Self-styled technocrats keep the wealth flowing
July 21, 2008
KIRKUK, Iraq — Not long ago, Sheikh Manaa Abdullah Alobaydi had a couple of drilling rigs that he dispatched to a field in northern Iraq to start making new wells. Alobaydi, the director general of Northern Oil Co., has worked in Iraq’s oil industry for 40 years and had good reason to send the equipment to the area.
Yet the rigs were left idling when they got caught up in a political dispute between Iraq’s central government and the Kurdistan Regional Government. Frustrated at the inaction, Alobaydi pulled the rigs from the area and ordered them to a field where they could work without political interference.
As head of one of the country’s three state-owned oil companies, Alobaydi is one of the most important people in northern Iraq. He is such a major figure that the government won’t let him and Hunar Najeeb Hassan, director general of Northern Gas Co., travel outside Iraq at the same time.
Yet unlike so many powerful men in Iraq, the two company leaders studiously avoid politics, which both consider the bane of their existence. While lawmakers in Baghdad debate how to divvy up Iraq’s mineral wealth, the country depends upon apolitical oil and natural gas experts like them to keep that wealth flowing.
"We are technocrats," explained Hassan, who has 38 years in the natural gas industry. "We’ve got nothing to do with the big mouths."
This could be seen clearly at a meeting with American soldiers last week to prepare for an energy conference.
Lawmakers in Baghdad have yet to agree on a hydrocarbon law that would regulate how the country can develop and distribute its mineral wealth, and Kirkuk’s sizable oil fields have made the province a flash point in preparing for elections scheduled this fall.
Yet neither issue arose during the discussions. Instead, the executives talked about dry technical issues such as which types of power plants last longest and which fuel is the most efficient in those power plants.
"All (Alobaydi) wants to do is pump oil," said Maj. Robb Marshall, the 3rd Battalion, 6th Artillery Regiment operations officer. "There is no political decision that can help him pump more oil."
"Their concern is upping production, upping the wells, getting money for Iraq — and for themselves, by the way," added Capt. Zebulon Pike, a member of the 1st Armor Division’s Power, Oil and Infrastructure team.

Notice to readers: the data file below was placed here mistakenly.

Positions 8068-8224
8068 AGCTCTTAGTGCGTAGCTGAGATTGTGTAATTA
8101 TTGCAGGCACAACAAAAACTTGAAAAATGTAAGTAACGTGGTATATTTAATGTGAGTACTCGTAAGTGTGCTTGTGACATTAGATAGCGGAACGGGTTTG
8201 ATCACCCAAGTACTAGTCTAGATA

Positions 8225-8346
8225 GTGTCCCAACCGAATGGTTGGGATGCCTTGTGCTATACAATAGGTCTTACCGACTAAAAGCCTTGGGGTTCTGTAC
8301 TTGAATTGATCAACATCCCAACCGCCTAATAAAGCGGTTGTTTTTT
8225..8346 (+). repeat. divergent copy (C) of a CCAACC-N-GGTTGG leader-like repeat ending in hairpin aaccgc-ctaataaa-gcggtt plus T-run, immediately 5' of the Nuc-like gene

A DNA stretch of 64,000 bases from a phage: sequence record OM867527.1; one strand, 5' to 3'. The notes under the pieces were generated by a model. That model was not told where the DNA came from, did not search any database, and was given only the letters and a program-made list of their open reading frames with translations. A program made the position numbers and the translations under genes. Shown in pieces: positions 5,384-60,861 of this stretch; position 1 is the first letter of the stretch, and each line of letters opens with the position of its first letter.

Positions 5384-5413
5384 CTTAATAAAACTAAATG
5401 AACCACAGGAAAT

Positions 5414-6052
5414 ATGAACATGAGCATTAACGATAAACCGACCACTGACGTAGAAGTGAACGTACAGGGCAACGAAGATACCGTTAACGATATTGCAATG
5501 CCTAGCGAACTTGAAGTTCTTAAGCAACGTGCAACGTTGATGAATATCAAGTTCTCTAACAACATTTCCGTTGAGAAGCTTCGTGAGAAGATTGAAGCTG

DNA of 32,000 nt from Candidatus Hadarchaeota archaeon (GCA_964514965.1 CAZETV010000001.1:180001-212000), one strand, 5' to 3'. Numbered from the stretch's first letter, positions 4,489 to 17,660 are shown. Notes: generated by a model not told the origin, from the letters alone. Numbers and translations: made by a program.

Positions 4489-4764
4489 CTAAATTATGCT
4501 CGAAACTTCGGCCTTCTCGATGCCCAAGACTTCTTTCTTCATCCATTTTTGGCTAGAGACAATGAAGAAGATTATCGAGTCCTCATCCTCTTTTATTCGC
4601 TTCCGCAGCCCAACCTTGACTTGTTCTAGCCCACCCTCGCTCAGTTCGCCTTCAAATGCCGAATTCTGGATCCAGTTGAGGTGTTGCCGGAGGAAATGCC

The men’s technical knowledge has spread to their American advisers, who discuss mineral details like seasoned roughnecks. Pike, for example, is a criminal justice major who hasn’t had a chemistry class since he was in his mid-teens. Yet he can recite the composition of crude petroleum to the approval of the oil company’s pipeline chief.
Hassan and Alobaydi would be even more comfortable in an oil company’s board room. Both are English-speaking, suit-wearing execs in the western mold who have seen a good share of the world. Throughout Monday’s meeting, Hassan recommended European and Middle Eastern destinations the soldiers should visit.
However, they are freer with their condemnation of their country’s leaders than western execs and make no bones about the havoc that politicians of all stripes have played with their operations.
"Most politicians always blame somebody — and they know our names," Hassan joked. "If a politician is not a bastard, his brother is."
Those last words originated with Hassan’s father, an accountant who died when Hassan was just 11. Hassan has remembered his advice throughout his career: Keep away from politics. Mind your own business.
"Every day is a new proof that he is right," Hassan said.
Despite the politics, the technocrats have succeeded in bringing the Kirkuk area’s production back to prewar levels, although they still face substantial difficulties. Processing plants need to be upgraded, and pipelines need to be repaired. One aging pipeline has about 400 holes, most from simple corrosion.
The men are well into their senior years, but they continue to work long days and are often awakened in the middle of the night to handle emergencies. Yet as complex as these issues are, they are straightforward compared to Iraq’s political challenges.
"It either operates or it doesn’t. If it doesn’t, you have to deal with it," Alobaydi said about his work.
With all the work — political and technical — Hassan is already dreaming of the easy life he plans for his retirement.
"Once I am retired, I will go home — nobody will see me," he said.
In the meantime, both company heads plan to get as much mineral wealth out of the ground as they can, however much the politicians might annoy them.
"An oil producer has to produce oil whatever the politics," Alobaydi said. "The energy — not only oil — is a service for everybody."